WW: Do you remember what grade you got for that assignment?
MH: I think I got an A for it (laughs).
WW: I’d hope so.
MH: The teacher was very complimentary.
WW: I understand that you won a songwriting contest around then…
MH: Yeah, it’s called Triple J Unearthed.
WW: For those of us here in the States who are unfamiliar with it, is that a famous contest that members of the public know about? Or is it more something that’s known mainly to music-industry insiders?
MH: It’s a public contest. Triple J is a radio station in Australia that reaches every single corner of the country. It’s kind of government-funded, so they support a lot of local music. It’s very widely respected for its music choices, and they have a competition called Unearthed where they go around to every major city in Australia and try to unearth new talent. And in this instance, my sister sent in a demo tape of that song, “All for Believing,” and it won for our state, Victoria. And the prize was to get the song on the radio. That was my first chance of exposure.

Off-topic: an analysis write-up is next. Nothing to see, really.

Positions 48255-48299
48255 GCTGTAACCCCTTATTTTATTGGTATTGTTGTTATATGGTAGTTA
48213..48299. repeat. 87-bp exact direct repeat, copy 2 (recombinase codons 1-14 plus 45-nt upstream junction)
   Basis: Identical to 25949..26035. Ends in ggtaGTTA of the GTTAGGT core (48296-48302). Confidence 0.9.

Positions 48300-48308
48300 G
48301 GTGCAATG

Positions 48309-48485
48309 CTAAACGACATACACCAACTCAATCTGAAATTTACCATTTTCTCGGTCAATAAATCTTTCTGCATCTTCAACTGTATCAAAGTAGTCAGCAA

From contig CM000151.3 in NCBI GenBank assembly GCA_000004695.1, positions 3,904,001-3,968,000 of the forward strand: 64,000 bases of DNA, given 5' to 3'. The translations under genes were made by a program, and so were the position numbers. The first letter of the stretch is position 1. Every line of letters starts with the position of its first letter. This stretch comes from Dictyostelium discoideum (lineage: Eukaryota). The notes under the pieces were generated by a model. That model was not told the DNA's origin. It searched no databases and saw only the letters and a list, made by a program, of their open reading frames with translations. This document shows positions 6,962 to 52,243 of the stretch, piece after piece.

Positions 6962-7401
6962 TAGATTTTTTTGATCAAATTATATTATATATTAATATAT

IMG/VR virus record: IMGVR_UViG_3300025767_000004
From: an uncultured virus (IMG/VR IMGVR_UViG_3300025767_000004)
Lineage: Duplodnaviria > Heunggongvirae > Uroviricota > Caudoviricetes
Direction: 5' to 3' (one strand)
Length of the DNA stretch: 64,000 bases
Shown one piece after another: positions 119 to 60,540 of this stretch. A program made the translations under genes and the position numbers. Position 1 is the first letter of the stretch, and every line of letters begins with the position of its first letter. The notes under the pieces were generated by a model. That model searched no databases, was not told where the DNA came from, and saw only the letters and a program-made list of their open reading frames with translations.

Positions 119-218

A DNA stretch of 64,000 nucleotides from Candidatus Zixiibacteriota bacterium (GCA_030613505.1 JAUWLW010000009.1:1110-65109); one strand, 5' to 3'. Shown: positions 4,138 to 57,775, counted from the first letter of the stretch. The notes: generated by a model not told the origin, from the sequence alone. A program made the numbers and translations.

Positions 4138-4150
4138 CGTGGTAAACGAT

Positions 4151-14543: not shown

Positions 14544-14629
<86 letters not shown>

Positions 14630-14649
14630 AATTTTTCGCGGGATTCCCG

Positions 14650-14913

WW: That’s quite an achievement for what you see as your first real composition. I’ll bet you were surprised.
MH: Yeah. And I was surprised how much hype there was surrounding it. In the circle I moved in, people were saying, “Maybe you should get a record deal.” But my brother said, “You only have four songs. If you’re going to sign a record deal – if you’re going to go ahead, don’t do it on the merit of the first song you wrote, or the first few songs you wrote. Because you’re going to change a lot as a musician or an artist. Just take it easy.”
WW: Did any of your friends urge you to go on Australian Idol or some kind of talent contest?
MH: I don’t think we had Australian Idol at that point…
WW: So you dodged that bullet.